I was referring to the Shuttle. We can keep them flying until we get something else. Not the best option, but better than nothing. Sometimes I've had to spend a lot on maintenance until I could afford a new car. Same principal.
The space shuttle costs 4-5 billion a year. Its been winding down lately, but it still costs 3 billion per year. In previous years it has accounted for almost half of the manned space budget. By comparison the ISS only costs a little over 2 billion dollars to maintain. After the shuttle NASA expects to be able to maintain the ISS at full capacity and deliver crew to it with the Russians for only $4 billion dollars.

That saves us about $2-3 billion per year to develop our own commercial crew, but also heavy lift launch systems and spacecraft that will take us beyond.

That is why we must get rid of the shuttle. The sooner we get rid of it the sooner we get to do something more.
 
D

DarkenedOne

Guest
edkyle99":z4z6akev said:
I'm not sure what you mean by "your camp". I haven't been camping in years. Too many mosquitoes. ;)

I would like to see a crewed lunar exploration program underway right now, not "someday". If money isn't available for Constellation, I would like to see a lunar exploration program designed to start *right now* based on the realities of funding, which means using existing rockets, LEO rendezvous, propellant transfer, and flying far less frequent, scaled down missions compared to Constellation.

If commercial crew launch is the path forward, so be it, but the commercials aren't going to be ready any faster than Orion would have been. Face it, they haven't even started and we're halfway to FY 2011.

This comparison to when Orion would have started flying is pointless, BTW, because Orion was being designed to go into deep space. Crew Taxis are going to be much smaller, much lighter, much less capable LEO animals.

- Ed Kyle
The problem with Orion was not the delay, but the cost. It was too expensive.
 
R

rockett

Guest
neutrino78x":2nz0ccx9 said:
Perhaps, but not all space enthusiasts agree with you on what the goal should be. Based on what you have said so far, you want no one to ever go into space unless they are a NASA astronaut.
Hardly. However, I am a realist. When you are talking about thousands of dollars, per pound to launch even to LEO, not even considering the higher costs of a man-rated launch vehicle, it's just a pipe dream in the immediate future.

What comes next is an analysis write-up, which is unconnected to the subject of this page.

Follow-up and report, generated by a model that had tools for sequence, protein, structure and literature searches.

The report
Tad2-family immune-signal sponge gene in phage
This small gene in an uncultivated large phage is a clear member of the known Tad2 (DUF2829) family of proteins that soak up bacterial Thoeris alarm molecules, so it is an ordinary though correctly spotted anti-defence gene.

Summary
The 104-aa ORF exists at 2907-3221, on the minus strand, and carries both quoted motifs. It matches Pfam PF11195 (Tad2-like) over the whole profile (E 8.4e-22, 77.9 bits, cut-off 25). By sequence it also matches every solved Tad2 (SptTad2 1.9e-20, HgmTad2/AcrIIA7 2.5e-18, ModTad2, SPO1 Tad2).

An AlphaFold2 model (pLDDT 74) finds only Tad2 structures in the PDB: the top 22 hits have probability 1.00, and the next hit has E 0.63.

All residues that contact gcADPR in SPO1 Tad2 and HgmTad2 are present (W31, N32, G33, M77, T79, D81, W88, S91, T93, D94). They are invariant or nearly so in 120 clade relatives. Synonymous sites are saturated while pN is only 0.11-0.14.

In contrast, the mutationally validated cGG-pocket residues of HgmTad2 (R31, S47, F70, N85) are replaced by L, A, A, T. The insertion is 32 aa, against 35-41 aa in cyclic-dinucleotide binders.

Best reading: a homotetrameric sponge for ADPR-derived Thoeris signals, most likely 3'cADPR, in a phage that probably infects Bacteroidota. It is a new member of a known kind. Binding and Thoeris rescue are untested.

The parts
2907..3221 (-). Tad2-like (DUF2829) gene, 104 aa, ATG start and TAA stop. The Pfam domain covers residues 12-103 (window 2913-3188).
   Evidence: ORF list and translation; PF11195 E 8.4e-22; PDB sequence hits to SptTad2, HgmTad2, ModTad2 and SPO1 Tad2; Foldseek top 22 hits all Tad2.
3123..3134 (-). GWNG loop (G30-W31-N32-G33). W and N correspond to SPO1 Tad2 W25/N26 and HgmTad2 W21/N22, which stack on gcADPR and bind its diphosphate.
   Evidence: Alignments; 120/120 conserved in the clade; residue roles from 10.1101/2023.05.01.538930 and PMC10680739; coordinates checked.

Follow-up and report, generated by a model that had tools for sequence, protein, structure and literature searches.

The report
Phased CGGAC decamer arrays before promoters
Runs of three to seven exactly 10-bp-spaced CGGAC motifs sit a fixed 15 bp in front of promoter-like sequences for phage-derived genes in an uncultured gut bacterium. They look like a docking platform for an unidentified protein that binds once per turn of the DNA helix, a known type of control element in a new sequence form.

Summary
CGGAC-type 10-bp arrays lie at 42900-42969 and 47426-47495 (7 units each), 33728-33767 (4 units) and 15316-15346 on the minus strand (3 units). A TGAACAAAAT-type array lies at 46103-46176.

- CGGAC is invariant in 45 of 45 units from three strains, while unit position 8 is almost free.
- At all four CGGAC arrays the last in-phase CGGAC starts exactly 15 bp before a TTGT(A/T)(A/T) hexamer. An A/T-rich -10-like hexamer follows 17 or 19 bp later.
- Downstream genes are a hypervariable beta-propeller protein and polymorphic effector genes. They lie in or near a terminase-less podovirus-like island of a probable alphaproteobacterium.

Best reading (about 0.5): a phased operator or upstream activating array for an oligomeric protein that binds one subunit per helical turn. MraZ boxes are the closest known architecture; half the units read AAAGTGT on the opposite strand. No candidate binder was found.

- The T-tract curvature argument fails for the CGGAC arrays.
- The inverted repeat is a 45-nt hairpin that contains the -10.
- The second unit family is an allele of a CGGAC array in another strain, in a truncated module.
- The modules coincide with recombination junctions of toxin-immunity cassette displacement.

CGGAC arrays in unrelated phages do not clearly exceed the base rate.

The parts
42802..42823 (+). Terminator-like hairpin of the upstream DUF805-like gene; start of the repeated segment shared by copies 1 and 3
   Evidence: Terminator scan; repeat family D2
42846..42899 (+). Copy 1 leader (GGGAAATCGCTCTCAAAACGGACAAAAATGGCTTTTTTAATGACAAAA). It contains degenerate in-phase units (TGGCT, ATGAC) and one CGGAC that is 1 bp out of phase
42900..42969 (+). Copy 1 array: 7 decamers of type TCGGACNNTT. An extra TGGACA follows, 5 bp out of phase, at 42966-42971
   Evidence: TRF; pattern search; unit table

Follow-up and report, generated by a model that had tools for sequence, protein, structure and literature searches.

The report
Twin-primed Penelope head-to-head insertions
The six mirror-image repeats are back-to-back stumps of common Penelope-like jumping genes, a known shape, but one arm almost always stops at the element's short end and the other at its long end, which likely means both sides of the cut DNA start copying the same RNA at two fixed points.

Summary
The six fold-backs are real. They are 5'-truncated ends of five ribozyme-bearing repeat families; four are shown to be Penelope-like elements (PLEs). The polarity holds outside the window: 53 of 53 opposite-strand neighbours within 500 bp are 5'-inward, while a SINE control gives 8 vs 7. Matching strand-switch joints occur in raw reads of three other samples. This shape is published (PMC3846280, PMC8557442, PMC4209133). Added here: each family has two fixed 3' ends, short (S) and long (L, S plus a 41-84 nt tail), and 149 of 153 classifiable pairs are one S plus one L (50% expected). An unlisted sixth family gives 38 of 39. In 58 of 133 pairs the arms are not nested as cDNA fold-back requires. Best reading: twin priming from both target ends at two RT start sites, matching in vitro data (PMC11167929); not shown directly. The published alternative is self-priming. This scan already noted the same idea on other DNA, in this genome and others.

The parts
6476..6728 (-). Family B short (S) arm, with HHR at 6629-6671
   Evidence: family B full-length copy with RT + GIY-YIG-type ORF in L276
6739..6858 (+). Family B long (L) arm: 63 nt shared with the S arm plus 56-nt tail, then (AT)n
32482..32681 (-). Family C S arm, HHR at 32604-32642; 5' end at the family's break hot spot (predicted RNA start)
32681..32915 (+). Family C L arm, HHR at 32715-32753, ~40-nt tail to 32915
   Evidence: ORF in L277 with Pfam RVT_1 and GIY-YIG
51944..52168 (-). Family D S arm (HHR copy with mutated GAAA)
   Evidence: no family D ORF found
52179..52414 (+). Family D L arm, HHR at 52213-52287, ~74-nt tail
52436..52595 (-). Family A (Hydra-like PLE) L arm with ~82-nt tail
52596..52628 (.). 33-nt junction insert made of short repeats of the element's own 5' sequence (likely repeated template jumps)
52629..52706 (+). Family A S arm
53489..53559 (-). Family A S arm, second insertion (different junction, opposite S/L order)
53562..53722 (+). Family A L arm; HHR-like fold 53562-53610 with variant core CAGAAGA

Just for hardware: http://www.spaceref.com/news/viewnews.html?id=301
Don't just come back with that old, old, argument of launch frequency making it cheaper. It just doesn't hold water with expendables.
neutrino78x":2nz0ccx9 said:
Among we space enthusiasts under 50 years old, many of us want the majority of launches, and the majority of people in space, to not be NASA astronauts.
Classic, cocky mistake, confusing age with alzheimers.
neutrino78x":2nz0ccx9 said:
To us, commercial activity is preferred. We want to see non-NASA people going into space every day. We want hundreds of non-NASA people living in space. We want space to be allowed to be treated like the vast ocean it is. Most ships are not US Navy vessels, and most space ships should not be NASA. You don't get to that future by doing all this stuff with NASA rockets only.
Logic is faulty, the two are nowhere near equivalent.
neutrino78x":2nz0ccx9 said:
You say SpaceX is unproven, but my opinion is, the only thing NASA has proven is that they cannot accomplish something in a given time in a given budget. Perhaps the time has come for NASA to be the FAA of space. The FAA doesn't fly airplanes, they regulate private enterprise.
Yes, NASA is fettered by politics and bureaucracy, and that's the real problem, as a whole, they are very capable, solid engineers, their masters just aren't. At any rate, I believe what I see, NASA has built successful manned spacecraft, SpaceX has only proven that they have real good PR and Powerpoints as of this time. I think eventually the reality will set in that there is no discount LEO ride, based on current technology. This will become evident when the delays and cost overruns start happening. To make matters worse, SpaceX has to make a profit, NASA doesn't.
neutrino78x":2nz0ccx9 said:
NASA should be man-rating as many different rockets as possible. This process needs to be as fast as possible. A company should be able to invent a rocket and have NASA man-rate it within 2 years or so. If not that, then NASA should define the process for man-rating, and let the company man-rate their own rocket, proving that they have gone through the procedure.
I can see that you have no experience with FAA certification of a new aircraft, let alone a spacecraft. Take a look at the procedures, how long it takes, even for a kit built plane (not a kite with a lawnmower engine, a real plane). When they settle on a process, you can bet it will be more rigorous.